VANCOUVER, British Columbia — Psychedelic rock booms through The Toker’s Bowl. Young and some not-so-young people smoke pot through a variety of devices in the store’s Vapour Lounge. And owner Marc Emery stands in the middle of it all, proclaiming his goal of defeating the U.S. war on drugs.
Known as the Prince of Pot, Emery has sold millions of marijuana seeds around the world by mail over the past decade. In doing so, he has drawn the attention of U.S. drug officials, who want him extradited to Seattle. Emery has agreed to plead guilty in Seattle to one count of marijuana distribution in exchange for dismissal of all other counts, and the U.S. District Attorney is pressing for a sentence of five to eight years in a U.S. prison.
The case is the latest twist in Emery’s two-decade-long fight against the prohibition of marijuana
in North America. To his supporters, he is a brave crusader for the use and sale of a drug with both recreational and medicinal value. To drug officials, he is a criminal and the biggest purveyor of marijuana from Canada into the United States.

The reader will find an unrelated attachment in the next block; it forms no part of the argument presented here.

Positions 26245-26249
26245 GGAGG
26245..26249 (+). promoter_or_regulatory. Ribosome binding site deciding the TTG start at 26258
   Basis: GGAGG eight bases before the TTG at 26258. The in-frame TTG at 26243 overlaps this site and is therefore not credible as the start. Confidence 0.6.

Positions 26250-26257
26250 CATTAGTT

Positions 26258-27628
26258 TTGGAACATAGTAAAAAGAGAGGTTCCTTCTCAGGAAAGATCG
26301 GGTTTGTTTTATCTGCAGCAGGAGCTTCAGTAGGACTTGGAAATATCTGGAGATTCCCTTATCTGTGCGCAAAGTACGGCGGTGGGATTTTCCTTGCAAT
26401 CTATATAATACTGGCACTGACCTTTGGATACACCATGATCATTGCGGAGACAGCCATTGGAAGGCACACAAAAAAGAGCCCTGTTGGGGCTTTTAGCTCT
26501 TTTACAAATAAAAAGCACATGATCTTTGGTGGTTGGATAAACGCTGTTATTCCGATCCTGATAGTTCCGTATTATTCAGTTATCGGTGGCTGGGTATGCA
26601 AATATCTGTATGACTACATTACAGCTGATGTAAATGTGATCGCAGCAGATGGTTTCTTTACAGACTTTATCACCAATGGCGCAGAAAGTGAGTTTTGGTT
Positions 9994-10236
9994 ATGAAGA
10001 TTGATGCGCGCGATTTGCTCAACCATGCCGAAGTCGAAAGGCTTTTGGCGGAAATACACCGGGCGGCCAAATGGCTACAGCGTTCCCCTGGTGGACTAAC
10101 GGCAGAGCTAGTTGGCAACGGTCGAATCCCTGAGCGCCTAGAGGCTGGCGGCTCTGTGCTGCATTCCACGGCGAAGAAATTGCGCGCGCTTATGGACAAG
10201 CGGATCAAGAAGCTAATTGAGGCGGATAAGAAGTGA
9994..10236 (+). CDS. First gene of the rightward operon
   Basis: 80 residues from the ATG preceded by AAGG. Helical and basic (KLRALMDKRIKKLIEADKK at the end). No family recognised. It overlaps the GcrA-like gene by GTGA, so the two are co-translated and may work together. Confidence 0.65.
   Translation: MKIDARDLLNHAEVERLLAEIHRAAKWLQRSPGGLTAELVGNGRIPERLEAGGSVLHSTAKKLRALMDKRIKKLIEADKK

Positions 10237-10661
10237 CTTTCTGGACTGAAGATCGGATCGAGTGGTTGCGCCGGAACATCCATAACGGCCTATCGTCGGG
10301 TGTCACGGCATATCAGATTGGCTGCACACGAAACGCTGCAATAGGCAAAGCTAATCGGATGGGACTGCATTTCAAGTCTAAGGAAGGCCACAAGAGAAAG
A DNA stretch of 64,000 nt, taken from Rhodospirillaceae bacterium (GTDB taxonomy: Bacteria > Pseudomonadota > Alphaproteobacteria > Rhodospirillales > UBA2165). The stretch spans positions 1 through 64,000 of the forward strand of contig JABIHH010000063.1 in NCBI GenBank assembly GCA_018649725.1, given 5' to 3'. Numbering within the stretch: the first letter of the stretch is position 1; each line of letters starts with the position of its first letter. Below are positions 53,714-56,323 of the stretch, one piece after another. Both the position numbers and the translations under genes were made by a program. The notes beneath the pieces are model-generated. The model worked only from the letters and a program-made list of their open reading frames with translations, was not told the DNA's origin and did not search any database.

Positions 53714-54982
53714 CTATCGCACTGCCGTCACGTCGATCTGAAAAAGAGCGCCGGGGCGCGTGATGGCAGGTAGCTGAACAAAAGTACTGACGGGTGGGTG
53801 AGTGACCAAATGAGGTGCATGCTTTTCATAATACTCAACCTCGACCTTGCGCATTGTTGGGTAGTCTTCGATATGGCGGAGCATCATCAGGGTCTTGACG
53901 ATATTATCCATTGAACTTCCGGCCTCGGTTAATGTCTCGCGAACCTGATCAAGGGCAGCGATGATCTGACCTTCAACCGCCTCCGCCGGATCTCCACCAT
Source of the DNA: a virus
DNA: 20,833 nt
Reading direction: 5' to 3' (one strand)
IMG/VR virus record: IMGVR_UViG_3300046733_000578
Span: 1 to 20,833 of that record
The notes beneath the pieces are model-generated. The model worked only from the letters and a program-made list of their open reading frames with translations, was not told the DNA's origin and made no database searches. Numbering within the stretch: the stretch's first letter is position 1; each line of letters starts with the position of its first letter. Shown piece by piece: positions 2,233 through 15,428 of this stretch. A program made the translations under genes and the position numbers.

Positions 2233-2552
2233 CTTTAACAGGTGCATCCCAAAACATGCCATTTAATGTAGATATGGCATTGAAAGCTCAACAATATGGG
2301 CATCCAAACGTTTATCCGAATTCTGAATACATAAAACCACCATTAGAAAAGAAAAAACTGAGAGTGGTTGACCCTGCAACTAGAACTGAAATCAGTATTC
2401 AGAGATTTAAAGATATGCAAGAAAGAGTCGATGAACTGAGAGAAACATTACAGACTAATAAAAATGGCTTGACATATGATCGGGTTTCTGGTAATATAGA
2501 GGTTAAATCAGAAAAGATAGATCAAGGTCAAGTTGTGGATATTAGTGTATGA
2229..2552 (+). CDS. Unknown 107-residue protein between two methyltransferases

Emery sits “right smack in the middle” of the North American debate over marijuana prohibition, said Allen St. Pierre of the National Organization for the Reform of Marijuana Laws in Washington, D.C. St. Pierre predicted that Emery’s trial would “kick-start it all again.”
But drug officials say they are simply going after one of the world’s top 50 drug traffickers. U.S. authorities claim Emery’s seeds have grown $2.2 billion worth of pot.
“We’ve been very clear it had nothing to do with Mr. Emery’s political stand,” said Emily Langlie of the U.S. District Attorney’s Office in Seattle.